Instead, I only covered the key steps from that post.

I also added a handful of new tips and examples to make the video more engaging.

The final product was this video:

And because I took the extra time to make my original content work as a video, people really liked it.

2020 SEO Checklist – Video Comments

Which has led to that video accumulating 503,765 total views so far.

SEO checklist video – Views

Not bad.

Now I’d Like to Hear From You

There you have it: my 7-step process for scaling content marketing.

Now I’d like to hear what you have to say:

Have you tried to scale up your content production before?

If so, how did it go?

Let me know by leaving a comment below right now.


  1. This is another fantastic article, Brian!

    I’ve been a bit conflicted lately about how I plan my content. I plan 1-2 articles ahead, and sometimes I write a very detailed outline for writers, so they can understand where I’m coming from. I wasn’t sure that was the ideal way of going about it, as sometimes I considered my outline too restrictive.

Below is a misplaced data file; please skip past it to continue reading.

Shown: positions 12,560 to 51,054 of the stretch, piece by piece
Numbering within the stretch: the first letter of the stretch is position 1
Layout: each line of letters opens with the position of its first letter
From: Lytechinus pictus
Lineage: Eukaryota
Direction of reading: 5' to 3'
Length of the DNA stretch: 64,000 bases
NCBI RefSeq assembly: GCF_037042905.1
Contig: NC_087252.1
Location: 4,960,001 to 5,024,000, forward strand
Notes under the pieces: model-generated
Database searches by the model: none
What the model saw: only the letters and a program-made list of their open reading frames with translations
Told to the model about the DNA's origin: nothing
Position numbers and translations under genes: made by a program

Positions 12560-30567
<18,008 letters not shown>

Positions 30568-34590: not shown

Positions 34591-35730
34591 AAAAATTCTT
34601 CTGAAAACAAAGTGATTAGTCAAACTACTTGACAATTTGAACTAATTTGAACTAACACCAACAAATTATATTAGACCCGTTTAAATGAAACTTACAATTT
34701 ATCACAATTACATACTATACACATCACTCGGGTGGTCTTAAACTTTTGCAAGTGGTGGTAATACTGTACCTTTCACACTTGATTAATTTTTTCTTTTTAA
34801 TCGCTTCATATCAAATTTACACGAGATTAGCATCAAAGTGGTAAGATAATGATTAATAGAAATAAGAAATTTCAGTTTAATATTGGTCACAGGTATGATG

I think the way you’ve done is simple and to the point and I think I’ll go for that.

    Also, I’ve been dealing with the stress of rushing to do keyword research and finding a topic lately because I don’t plan too much ahead and I think I’ll take your advice:

    > So instead of logging into a keyword research tool every single time you want to write something, you can spend a day 100% focused on finding topics and keywords.

    I always have all sorts of technical stuff to do and I think your method will suit me just fine. I’ll have to adjust a little, but I’m confident you’re right about this!